Utamaro’s first work for Tsutaya appeared in a publication dated as 1783: The Fantastic Travels of a Playboy in the Land of Giants, a kibyōshi picture book created in collaboration with his friend Shimizu Enjū, a writer. In the book, Tsutaya described the pair as making their debuts.

At some point in the mid-1780s, probably 1783, he went to live with Tsutaya Jūzaburō. It is estimated that he lived there for approximately five years. He seems to have become a principal artist for the Tsutaya firm. Evidence of his prints for the next few years is sporadic, as he mostly produced illustrations for books of kyōka (“crazy verse”), a parody of the classical waka form. None of his work produced during the period 1790–1792 has survived.

Height of fame

In about 1791 Utamaro gave up designing prints for books and concentrated on making single portraits of women displayed in half-length, rather than the prints of women in groups favoured by other ukiyo-e artists.

In 1793 he achieved recognition as an artist, and his semi-exclusive arrangement with the publisher Tsutaya Jūzaburō ended. Utamaro then went on to produce several series of well-known works, all featuring women of the Yoshiwara district.

Over the years, he also created a number of volumes of animal, insect, and nature studies and shunga, or erotica. Shunga prints were quite acceptable in Japanese culture, not associated with a negative concept of pornography as found in western cultures, but considered rather as a natural aspect of human behavior and circulated among all levels of Japanese society.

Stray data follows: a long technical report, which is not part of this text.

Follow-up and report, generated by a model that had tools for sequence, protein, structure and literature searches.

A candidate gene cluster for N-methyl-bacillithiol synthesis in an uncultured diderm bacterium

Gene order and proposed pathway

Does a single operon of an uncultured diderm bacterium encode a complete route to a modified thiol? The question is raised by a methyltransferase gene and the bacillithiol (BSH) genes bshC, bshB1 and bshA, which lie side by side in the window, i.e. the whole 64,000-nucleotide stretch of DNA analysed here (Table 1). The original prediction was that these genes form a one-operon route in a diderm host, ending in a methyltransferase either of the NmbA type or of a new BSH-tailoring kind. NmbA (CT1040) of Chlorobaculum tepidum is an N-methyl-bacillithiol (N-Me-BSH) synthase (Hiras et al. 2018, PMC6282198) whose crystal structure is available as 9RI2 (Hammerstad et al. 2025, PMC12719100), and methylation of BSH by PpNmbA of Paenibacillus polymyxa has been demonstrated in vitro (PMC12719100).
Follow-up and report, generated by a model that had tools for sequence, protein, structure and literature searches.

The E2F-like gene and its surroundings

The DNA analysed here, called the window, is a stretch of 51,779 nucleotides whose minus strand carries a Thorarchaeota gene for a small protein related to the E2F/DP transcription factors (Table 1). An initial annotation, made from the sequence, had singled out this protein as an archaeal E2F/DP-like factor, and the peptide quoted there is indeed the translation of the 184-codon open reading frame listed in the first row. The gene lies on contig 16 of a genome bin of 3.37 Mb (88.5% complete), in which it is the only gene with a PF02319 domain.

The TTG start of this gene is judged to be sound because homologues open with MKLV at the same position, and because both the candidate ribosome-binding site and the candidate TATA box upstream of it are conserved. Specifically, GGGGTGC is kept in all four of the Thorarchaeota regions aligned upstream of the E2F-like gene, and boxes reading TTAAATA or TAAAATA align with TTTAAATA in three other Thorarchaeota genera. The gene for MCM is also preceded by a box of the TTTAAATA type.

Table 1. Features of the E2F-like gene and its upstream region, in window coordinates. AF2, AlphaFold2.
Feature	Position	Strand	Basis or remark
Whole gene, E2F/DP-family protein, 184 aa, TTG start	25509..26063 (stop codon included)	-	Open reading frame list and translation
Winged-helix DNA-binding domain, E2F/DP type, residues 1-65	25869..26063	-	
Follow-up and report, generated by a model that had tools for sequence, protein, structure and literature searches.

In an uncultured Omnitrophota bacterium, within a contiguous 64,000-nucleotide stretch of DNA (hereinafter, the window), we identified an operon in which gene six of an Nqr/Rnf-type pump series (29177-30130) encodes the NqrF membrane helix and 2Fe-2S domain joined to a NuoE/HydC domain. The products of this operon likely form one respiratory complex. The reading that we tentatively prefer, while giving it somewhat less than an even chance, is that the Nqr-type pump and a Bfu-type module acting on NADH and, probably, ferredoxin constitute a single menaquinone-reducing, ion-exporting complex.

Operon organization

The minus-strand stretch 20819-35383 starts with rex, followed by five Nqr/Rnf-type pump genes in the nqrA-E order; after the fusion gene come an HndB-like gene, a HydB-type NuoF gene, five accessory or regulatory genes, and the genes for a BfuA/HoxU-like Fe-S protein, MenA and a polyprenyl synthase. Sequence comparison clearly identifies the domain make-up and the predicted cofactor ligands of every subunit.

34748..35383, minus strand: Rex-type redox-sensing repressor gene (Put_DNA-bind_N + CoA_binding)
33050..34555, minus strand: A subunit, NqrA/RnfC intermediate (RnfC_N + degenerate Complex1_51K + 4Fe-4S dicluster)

Later life

Tsutaya Jūzaburō died in 1797, and Utamaro thereafter lived in Kyūemon-chō, then Bakuro-chō, and finally near the Benkei Bridge. Utamaro was apparently very upset by the loss of his long-time friend and supporter. Some commentators feel that after this event, his work never reached the heights previously attained.

A law went into effect in 1790 requiring prints to bear a censor’s seal of approval to be sold. Censorship increased in strictness over the following decades, and violators could receive harsh punishments. From 1799 even preliminary drafts required approval. A group of Utagawa-school offenders including Toyokuni had their works repressed in 1801. In 1804, Utamaro ran into legal trouble over a series of prints of samurai warriors, with their names slightly disguised; the depiction of warriors, their names, and their crests was forbidden at the time. Records have not survived of what sort of punishment Utamaro received.